• The estimated aggregate cost to ETF investors from investing in dominated funds was $1.1 billion to $17.5 billion during the sample period, depending on the benchmarking approach. In 2017 annual costs were $129 million to $1.5 billion, depending on the method. Surprisingly, the results were similar for institutional and retail investors alike.
  • Excess costs were driven by higher expense ratios in most years. However, because of the heightened volatility during the financial crisis, additional trading costs in dominated funds were an order of magnitude larger than additional fees.

To measure excess costs, the authors used two methods. The first was from the perspective of a short-term investor who demands liquidity and market exposure (e.g., for cash management) and compared each ETF to SPY, which was the most liquid ETF throughout their sample. The second method identified dominated ETFs, defined as those that were highly correlated (at least 95%, 97.5% or 99%) with an ETF that had lower fees and higher liquidity.

Using the second and stricter approach, the authors found that “16% to 64% of ETFs are dominated and 7% to 35% of total AUM are in these dominated funds (depending on the correlation threshold and quarter). Dominated ETFs tend to be sector or smart beta ETFs, whereas index ETFs tend to be dominant. Dominated ETFs do not outperform dominant ETFs nor do they provide better risk exposures, such that fund performance does not explain the substantial assets invested in dominated ETFs.”

An interesting finding was that investors prefer pure smart beta strategies that only have exposure to one factor as opposed to ETFs that claim to simultaneously target several factor strategies. This is an inefficient way to access multiple factors. For example, if an investor wants exposure to both the value and momentum factors, it is more efficient to access both factors in one fund because, otherwise, the value fund might be buying a security that has now become cheap while the momentum fund would be selling the same security because of the recent poor performance. The investor would have paid two expense ratios and had two funds incurring trading costs, with no change in their net holdings.  



Their findings led Brown, Cederburg and Towner to conclude: “Our results indicate that, despite ETFs as a whole being known for low fees, ETF investors may be overpaying because of their investment choices.” They added: “ETF investors may be better off, as a whole, by concentrating on a relatively small set of low-fee, high-liquidity funds.” 

These findings highlight the importance of fund selection. Before investing, you should carefully consider an ETF’s fund construction rules and what exposures the fund provides to the desired factors (a good tool is available at Portfolio Visualizer) as well as the expense ratio, AUM and bid-offer spreads. You don’t want to pay excess fees for what is really just market beta, which can be obtained more cheaply in total market funds. Currently, the lowest cost one for U.S. investors is the Fidelity® Total Market Index (FSKAX) with an expense ratio of just 1.5 basis points. Another low-cost alternative is Vanguard’s Total Stock Market ETF (VTI), which has an expense ratio of three basis points.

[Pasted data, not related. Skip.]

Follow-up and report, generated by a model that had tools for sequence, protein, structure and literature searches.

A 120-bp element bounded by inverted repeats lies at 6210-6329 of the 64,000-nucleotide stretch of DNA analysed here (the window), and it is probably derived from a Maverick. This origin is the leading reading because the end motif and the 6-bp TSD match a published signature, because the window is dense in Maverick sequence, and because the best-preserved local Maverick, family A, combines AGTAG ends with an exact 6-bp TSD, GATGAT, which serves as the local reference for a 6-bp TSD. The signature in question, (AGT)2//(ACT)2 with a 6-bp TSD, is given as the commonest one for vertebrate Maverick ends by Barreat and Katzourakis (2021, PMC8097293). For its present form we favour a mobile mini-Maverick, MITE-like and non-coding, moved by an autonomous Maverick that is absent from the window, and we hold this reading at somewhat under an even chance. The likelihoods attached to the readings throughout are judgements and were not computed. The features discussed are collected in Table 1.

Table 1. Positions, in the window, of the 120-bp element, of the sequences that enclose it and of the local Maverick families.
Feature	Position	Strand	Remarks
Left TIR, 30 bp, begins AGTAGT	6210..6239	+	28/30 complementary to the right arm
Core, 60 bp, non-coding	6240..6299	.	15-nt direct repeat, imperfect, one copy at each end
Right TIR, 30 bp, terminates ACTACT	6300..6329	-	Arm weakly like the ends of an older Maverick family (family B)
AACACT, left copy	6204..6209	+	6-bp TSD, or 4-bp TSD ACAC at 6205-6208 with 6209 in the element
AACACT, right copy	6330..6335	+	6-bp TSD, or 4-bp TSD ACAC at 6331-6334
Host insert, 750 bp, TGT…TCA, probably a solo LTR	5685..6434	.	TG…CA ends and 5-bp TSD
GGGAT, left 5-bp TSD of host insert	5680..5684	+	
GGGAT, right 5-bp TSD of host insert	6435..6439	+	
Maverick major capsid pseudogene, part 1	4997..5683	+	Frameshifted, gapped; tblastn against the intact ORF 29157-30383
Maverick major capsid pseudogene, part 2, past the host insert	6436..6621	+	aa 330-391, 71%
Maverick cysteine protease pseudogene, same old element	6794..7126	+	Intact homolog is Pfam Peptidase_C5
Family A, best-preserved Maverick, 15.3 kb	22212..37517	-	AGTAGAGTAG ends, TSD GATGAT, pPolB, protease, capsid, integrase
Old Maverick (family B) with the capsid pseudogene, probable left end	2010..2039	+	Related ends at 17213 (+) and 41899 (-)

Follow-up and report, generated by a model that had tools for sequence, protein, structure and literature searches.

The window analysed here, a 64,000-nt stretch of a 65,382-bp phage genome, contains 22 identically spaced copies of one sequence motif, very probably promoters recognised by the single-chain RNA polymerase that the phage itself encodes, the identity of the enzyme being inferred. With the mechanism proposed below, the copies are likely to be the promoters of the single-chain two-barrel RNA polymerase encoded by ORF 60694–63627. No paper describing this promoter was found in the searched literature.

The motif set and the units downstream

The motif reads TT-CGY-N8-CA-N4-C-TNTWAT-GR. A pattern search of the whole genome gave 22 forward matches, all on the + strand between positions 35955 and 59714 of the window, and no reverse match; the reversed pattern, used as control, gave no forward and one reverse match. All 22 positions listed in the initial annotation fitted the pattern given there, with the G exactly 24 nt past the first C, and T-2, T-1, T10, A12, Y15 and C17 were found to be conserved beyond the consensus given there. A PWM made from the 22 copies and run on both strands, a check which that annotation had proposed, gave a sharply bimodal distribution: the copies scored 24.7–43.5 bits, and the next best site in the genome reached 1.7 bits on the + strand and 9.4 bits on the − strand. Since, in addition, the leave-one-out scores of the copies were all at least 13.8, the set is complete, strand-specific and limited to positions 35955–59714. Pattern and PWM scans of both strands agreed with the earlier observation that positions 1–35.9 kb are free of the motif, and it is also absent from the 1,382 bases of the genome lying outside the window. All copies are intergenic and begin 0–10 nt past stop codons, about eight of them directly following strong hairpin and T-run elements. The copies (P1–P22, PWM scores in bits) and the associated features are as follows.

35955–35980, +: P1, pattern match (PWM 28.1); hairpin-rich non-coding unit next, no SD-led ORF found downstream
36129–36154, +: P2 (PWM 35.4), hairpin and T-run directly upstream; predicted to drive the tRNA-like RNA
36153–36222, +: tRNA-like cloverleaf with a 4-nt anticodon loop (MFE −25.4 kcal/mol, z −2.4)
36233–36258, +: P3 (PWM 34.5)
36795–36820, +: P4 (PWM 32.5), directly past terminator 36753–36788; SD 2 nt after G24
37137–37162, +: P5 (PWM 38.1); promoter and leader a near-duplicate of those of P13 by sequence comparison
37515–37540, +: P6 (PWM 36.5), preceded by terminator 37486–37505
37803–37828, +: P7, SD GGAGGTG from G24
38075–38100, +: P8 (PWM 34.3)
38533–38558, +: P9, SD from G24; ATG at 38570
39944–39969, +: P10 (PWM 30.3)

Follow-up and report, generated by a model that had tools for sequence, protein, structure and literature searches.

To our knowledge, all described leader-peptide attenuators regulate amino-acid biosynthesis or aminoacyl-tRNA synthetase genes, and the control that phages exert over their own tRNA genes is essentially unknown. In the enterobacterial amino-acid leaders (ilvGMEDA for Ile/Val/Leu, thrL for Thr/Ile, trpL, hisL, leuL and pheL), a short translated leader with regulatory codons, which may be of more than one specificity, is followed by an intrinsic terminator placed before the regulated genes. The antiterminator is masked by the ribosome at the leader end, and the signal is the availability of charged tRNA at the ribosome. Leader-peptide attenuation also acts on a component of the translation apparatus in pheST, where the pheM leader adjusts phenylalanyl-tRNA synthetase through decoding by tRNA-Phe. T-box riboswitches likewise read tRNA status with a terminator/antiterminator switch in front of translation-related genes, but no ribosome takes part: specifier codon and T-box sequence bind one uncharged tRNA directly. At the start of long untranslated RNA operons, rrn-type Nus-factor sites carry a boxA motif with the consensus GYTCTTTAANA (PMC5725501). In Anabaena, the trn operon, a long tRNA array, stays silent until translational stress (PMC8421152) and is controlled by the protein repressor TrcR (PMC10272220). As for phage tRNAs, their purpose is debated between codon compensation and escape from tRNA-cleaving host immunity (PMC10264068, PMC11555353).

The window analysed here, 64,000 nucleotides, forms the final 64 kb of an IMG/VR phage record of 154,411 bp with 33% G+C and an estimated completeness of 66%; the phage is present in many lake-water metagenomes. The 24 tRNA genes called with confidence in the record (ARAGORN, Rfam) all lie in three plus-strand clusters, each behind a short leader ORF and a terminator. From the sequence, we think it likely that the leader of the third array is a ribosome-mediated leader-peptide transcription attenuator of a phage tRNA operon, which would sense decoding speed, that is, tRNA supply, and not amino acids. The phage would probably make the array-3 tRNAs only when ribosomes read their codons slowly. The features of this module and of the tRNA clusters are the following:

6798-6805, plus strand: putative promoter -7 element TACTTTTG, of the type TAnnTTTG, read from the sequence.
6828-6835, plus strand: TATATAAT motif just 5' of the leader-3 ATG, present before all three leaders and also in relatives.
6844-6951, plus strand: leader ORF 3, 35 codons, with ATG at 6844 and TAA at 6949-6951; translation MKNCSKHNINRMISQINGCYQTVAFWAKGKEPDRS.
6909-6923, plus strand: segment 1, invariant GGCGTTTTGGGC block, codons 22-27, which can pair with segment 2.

Important Disclosure: This article is for educational and informational purposes only and should not be construed as specific investment, accounting, legal or tax advice.  This article is for general information only and is not intended to serve as a specific recommendation for any insurance products. Individuals should speak with qualified licensed insurance professionals based upon their individual circumstances prior to changing or purchasing insurance products.  By clicking on any of the links above, you acknowledge that they are solely for your convenience, and do not necessarily imply any affiliations, sponsorships, endorsements or representations whatsoever by us regarding third-party websites. We are not responsible for the content, availability or privacy policies of these sites, and shall not be responsible or liable for any information, opinions, advice, products or services available on or through them. The opinions expressed by featured authors are their own and may not accurately reflect those of Buckingham Strategic Wealth®.


LARRY SWEDROE is Chief Research Officer at Buckingham Strategic Wealth and the author of numerous books on investing.



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Robin Powell

Robin is a journalist and campaigner for positive change in global investing. He runs Regis Media, a niche provider of content marketing for financial advice firms with an evidence-based investment philosophy. He also works as a consultant to other disruptive firms in the investing sector.